‘If you would be happy all your life, plant a garden.’ (Chinese Proverb)
If you love to wander through an old botanical garden, perhaps with a favorite book tucked under your arm, then I have a couple of recommendations for you.
First, the garden: Just outside of Portland there is a botanical garden of astonishing beauty. The historic Elk Rock Garden was the dream of Scottish gardener and entrepreneur, Peter Kerr. When he died in 1957, his daughters donated the house and grounds in trust, on the condition that it always be open to the public.
How incredibly, wonderfully generous of them.
‘If you would be happy…’
(For more about the history and care of this important legacy in the Pacific Northwest, read here )
The book you might tuck under your arm for this leisurely garden stroll is by Nan Fairbrother.
In her book Men and Gardens, (1956) this writer/philosopher/landscape architect has assembled a fascinating compendium of quotations from other writers on the topic of gardens and landscape architecture. Along the way she adds in her own erudite commentary, metaphysical meanderings, and humorous asides.
Subjects are loosely grouped under such headings as:
=Why Men Have Gardened
=Enclosed Fantastic: Gardens of Tudor England
=Early Seventeenth-Century Garden Literature
=Seats of Romantic Gentlemen: the Simple Life in Satin Slippers
Fairbrother’s beautiful prose, at turns poetic, then vigorous and questing, carries us almost effortlessly along through a tour of Chaucer to Traherne to Darwin and—oh, yes—even that indefatigable seventeenth-century traveler Celia Fiennes:
‘Celia Fiennes is a somewhat monotonous writer,’ writes Fairbrother; ‘her highest praise is “neat”…but despite her limitations she gives a first-hand account of the houses and gardens of England in the late seventeenth century, seen through the mind of a lively, curious, and not very intelligent woman of the lesser aristocracy…’
Oh, she is wickedly funny, that Fairbrother.
“It is the greatest fun to meet one’s fellow gardeners of four centuries ago and find them just as enthusiastic as we are.” (Men and Gardens)
More than that, it gives us a delightful feeling of continuity with the great, the fertile, the fixated minds of the past. What has gone before us, we ask? What has endured as something worthy of our brief attentions? What has always brought the human spirit comfort and joy?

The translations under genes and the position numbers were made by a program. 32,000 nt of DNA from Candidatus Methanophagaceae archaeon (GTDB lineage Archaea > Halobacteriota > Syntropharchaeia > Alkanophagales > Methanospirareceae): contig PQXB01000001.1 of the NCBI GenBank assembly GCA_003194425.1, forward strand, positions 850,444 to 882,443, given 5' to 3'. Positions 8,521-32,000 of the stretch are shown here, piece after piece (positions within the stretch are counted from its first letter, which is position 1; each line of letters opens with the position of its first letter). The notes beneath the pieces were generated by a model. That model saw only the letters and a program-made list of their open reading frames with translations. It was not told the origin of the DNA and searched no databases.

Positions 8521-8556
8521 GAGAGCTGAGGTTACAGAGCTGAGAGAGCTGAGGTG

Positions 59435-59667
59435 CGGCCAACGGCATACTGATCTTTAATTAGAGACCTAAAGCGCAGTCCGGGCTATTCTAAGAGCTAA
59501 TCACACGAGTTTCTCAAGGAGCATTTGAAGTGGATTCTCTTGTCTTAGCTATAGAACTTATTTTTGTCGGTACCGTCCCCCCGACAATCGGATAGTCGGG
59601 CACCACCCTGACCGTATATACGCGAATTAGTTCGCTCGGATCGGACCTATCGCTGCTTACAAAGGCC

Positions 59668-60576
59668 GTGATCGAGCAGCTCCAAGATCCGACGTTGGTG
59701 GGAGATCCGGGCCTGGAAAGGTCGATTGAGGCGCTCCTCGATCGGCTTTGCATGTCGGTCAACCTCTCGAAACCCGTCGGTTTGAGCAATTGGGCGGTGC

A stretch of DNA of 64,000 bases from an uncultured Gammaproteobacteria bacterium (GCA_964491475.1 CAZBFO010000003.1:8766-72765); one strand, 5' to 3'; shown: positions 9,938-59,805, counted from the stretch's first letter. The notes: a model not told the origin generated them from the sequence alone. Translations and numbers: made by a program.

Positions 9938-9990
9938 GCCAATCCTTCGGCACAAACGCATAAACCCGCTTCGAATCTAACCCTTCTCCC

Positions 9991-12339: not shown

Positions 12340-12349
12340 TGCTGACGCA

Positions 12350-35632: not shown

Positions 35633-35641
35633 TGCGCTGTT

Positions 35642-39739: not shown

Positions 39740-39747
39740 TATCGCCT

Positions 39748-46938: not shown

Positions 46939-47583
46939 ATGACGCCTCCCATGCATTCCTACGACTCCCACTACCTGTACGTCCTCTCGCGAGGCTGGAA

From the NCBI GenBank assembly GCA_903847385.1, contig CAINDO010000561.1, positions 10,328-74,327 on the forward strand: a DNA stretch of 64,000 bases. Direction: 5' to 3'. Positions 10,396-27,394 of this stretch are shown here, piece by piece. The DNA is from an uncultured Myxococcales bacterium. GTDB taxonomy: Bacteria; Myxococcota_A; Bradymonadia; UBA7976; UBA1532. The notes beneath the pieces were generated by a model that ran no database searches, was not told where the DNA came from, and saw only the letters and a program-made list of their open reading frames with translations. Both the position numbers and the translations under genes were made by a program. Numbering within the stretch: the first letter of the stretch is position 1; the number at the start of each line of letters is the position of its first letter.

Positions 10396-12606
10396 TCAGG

Fairbrother explores these questions, and more.
‘But why have men found happiness in gardens? Why, in such different lands and different ages, have so many paths led to this green and quiet enclosure for growing plants?’
In my short novel A Garden for Allegra, the young, bemused main character is a passionate gardener. She, through the medium of writing a journal, ponders similar questions.
‘It’s a living tapestry we create,’ [Allegra] wrote, ‘not just because the garden breathes and gives life back to its cultivators in the form of oxygen…but it gives us much more than the simple sustainment of an existence. The garden inspires us, life begets life, so that we breathe in the air that nourishes our creative souls.’
Nan Fairbrother also recognized this as a gift, so to speak, from the garden–that we can be an artist in our own world.
‘Gardening ‘is “a Kind of Creation”,….and it is a form of art which everyone, rightly or wrongly, considers to be within his talents. As with furnishing our houses, we all feel we can perfectly well lay out a garden, even though we should never presume to paint a picture or write a poem.’ (Men and Gardens)
‘I dare say many other occupations would do as well to bring us back to quiet, but if we are gardeners, it is our gardens we use to “sway our spirits to peace.” Our very conception of a garden is of a place serene. We think of noisy cities, pounding seas, wind-tossed woods, but whenever we think of a garden it is serene, peaceful and calm, and above all, kind. For a garden is one of the very few expressions of man’s nature which is altogether benign, and I think no one would be frightened of his fellows in a garden.’ (Men and Gardens)
By the end of the book, Fairbrother has read some of the greatest minds on the subject. She has visited some of the most inspiring gardens from Versailles to ‘a small and somewhat self-conscious herb plot outside the windows of a country tea shop‘. She has pondered the humble cabbage and the preciosity of Dutch tulips. She has noted that seventeenth-century gardening books begin, invariably, with a quote from Traherne:
‘All bliss consists in this…’
and Victorian era gardening books are typically prefaced with Keats:
‘a thing of beauty is a joy forever…’
Even with all of this, Fairbrother is no closer to answering the questions (for herself) that she posed at the beginning. Yet she is already planning her next garden of the future. And that, as she writes, ‘must wait for another volume.’
Just as my proclivity for quoting Fairbrother must wait for another blog.
‘If you would be happy all your life plant a garden….’